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ERIC Number: ED485652
Record Type: Non-Journal
Publication Date: 2004-Oct
Pages: 40
Abstractor: ERIC
Reference Count: 5
ISBN: N/A
ISSN: N/A
Estimating Supply and Demand for Afterschool Programs: A Tool for State and Local Policymakers
Wright, Elisabeth; Deich, Sharon; Clarke, Theresa
US Department of Health and Human Services
In communities all over the country, afterschool programs play an important role in keeping children and youth safe, providing them with important learning opportunities, and helping them become successful adults. Federal, state, local, and private investments in afterschool programs have grown in recent years due both to widespread public support and a better understanding of the crucial role such programs play in serving children and youth and the communities in which they live. Afterschool programs come in many different shapes and sizes, from tutoring to drop-in sports leagues to more comprehensive programs that provide an array of activities for children as well as their families. Positive youth development, prevention, child care, education, skills development, mentoring?whatever the program approach, a growing body of evidence points to the important role quality afterschool programs play in helping children succeed both academically and socially. Despite the growth in attention and funding for afterschool programs, many questions remain about availability and accessibility. As policymakers consider funding for afterschool programs, they often want to know more about the current need for these services?especially among low-income families. Among the questions policymakers ask are: What programs are currently out there? How many children are being served? How many children would like to be in afterschool programs but for one reason or another are not? What resources currently support existing programs, and are they sufficient? This tool draws upon those experiences to outline concrete steps in the process of estimating supply and demand. It provides examples of states and communities that have undertaken this task, outlines a five-step process for planning and collecting data, and offers guidance and lessons learned from the field.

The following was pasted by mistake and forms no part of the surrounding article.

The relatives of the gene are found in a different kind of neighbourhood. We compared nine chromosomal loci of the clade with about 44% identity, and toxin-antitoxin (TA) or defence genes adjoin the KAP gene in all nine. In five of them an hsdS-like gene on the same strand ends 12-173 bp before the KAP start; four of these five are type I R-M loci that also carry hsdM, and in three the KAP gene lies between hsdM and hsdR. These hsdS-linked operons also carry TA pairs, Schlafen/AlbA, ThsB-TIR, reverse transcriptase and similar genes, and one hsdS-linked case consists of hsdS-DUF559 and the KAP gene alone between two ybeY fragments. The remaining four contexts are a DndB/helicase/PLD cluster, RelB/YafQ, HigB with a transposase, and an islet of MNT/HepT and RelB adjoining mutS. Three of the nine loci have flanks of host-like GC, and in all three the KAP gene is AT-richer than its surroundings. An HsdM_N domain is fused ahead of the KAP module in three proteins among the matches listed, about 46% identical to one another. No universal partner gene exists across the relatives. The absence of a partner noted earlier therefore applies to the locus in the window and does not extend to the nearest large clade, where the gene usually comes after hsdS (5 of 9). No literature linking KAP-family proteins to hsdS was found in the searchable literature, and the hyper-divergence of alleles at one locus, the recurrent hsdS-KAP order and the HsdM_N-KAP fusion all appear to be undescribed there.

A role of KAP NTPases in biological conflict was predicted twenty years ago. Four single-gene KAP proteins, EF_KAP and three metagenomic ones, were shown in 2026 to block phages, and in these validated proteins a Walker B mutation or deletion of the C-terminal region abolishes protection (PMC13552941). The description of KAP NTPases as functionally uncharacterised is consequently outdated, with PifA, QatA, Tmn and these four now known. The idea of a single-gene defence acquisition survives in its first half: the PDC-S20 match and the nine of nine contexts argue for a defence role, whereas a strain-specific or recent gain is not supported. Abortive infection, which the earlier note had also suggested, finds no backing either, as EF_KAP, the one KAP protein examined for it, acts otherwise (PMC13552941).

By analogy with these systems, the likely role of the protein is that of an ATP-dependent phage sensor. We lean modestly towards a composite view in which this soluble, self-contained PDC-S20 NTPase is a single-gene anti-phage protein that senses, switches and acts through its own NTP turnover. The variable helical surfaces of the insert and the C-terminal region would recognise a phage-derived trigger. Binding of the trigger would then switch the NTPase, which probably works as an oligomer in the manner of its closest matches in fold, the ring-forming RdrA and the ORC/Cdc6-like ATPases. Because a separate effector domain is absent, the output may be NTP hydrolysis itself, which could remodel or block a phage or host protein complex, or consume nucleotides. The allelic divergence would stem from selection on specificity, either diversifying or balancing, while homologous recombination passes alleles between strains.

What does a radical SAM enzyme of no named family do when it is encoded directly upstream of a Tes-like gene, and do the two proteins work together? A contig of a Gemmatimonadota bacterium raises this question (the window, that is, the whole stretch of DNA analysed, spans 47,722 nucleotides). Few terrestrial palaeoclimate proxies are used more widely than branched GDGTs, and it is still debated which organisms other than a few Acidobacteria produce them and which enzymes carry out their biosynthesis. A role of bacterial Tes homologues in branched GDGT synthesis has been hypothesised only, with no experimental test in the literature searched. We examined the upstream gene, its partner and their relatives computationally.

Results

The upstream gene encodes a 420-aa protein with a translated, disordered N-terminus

Publication Type: Reports - Evaluative; Tests/Questionnaires
Education Level: N/A
Audience: Policymakers
Language: English
Sponsor: N/A
Authoring Institution: Administration for Children and Families (DHHS), Washington, DC.